K Moore: I don’t think there is a typical day, because they differ. When the parliament is sitting it is much busier. When the parliament was sitting we would come in probably somewhere between eight and nine in the morning, the press secretaries would have been in much earlier. We would each have a copy of the media clippings on our desk and we would go through those, pick out any issues that looked to be difficult. We’d go through the Question Time briefs to make sure that they were covering those issues, that we had responses to any questions we might be asked in the parliament. Then the day would begin with a series of interest groups, bureaucrats coming to meet with the minister, interrupted frequently by the ringing of the bells and the minister having to dash down the hallway into the chamber for a vote. So it was both routine and chaotic because one never knew what was going to come up, of course. In the parliament one could never completely control what was coming up in Question Time etcetera, etcetera.

When the parliament wasn’t sitting, I think things were a little more relaxed. The minister would normally not be in Canberra, maybe in Adelaide with one or two of his advisors, or he’d be on the road somewhere speaking at a conference, or visiting a nursing home, or opening something here, or opening something there. So the Canberra office would be much more relaxed, still very busy but perhaps without the minute by minute pressures that we experienced when the parliament was sitting. And, maybe one or two of us would be travelling with the minister at any one time.

E Helgeby: So one or two of you, was that something you did in rotation or just to have a …

K Moore: It would depend on what he was doing. If he was visiting a nursing home his aged care advisor would be with him, if he was visiting a health facility then maybe one of his health advisors would be there. If he was speaking at a conference it would depend what the conference was about, one of the advisors would be there, and often the press secretary would be with him as well.

E Helgeby: So, your day, I mean all of the questions I like to ask, in a sense, how did you manage to have a break? Where did you go to have lunch or dinner or breaks or whatever, did you have that in the office always?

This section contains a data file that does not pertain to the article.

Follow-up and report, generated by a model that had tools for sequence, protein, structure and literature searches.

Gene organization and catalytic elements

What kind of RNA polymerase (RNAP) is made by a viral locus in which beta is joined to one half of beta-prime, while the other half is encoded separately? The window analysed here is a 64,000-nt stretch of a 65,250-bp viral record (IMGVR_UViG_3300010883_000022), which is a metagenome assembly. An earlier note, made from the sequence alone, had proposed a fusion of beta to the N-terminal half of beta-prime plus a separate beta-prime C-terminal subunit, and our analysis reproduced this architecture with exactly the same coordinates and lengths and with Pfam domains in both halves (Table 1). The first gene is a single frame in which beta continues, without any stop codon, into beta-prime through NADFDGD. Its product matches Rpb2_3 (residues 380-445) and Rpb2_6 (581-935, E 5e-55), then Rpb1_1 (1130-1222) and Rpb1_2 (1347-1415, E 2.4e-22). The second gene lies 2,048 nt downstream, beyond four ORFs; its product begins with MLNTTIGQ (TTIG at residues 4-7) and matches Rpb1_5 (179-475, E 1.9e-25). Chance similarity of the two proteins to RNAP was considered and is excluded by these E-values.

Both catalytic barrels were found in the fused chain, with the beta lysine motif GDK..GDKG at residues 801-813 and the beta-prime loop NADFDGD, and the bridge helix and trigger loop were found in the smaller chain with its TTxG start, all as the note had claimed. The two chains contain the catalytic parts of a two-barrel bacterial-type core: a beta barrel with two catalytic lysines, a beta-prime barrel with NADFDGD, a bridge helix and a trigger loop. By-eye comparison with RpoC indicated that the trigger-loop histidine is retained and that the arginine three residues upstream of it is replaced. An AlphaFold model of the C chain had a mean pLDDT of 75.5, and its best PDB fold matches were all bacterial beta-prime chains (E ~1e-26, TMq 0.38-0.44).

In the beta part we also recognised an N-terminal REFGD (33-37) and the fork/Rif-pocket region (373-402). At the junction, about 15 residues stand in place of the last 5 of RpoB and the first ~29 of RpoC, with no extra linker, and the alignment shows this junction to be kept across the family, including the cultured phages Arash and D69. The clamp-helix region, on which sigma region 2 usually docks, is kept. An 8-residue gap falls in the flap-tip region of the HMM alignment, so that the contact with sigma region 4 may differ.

K Moore: I tried not to. One of the things I tried to do with the office was to say that we all have to say sane here and that we must all have breaks. One of the things I did institute was a roster system so that when the parliament was sitting we weren’t all there every evening until eleven or twelve o’clock at night. So that a couple of advisors would be rostered on for each evening and the rest of us would go home maybe about seven or eight o’clock. That was purely in order to reduce the fatigue levels. Now, that wasn’t entirely uncontentious, I think, many …


Interview with Kate Moore part 6  

K Moore: … of the people who work in those offices are ones who like to be very busy and important all the time. I wasn’t of that mind. I liked to pace myself and keep a clear head and not be too exhausted. I thought it was important that the other advisors didn’t suffer from exhaustion because that’s a time when your judgement goes.

E Helgeby: So in terms of things like, for example, a meal break did you have that or was it a matter of grabbing something on the run?

K Moore: Particularly when the parliament was sitting you didn’t have a meal break basically because Question Time would be at two o’clock and you needed to be prepared. Other times I would try and get out and have a short walk, have a sandwich outside somewhere, sit in a courtyard, just get out of the office for a little while and just have that break.

E Helgeby: And your normal day would finish, you said ten-eleven at night or, unless you were rostered off.

K Moore: If the parliament was sitting it could be ten-eleven it could go on longer than that because the parliament often sat longer than that. If it’s a normal day and the minister was — if it’s a non-sitting day and the minister was away then we may get home at six-seven o’clock at night.

E Helgeby: How would you describe the working conditions here, both working, I suppose in the office but also in the building itself?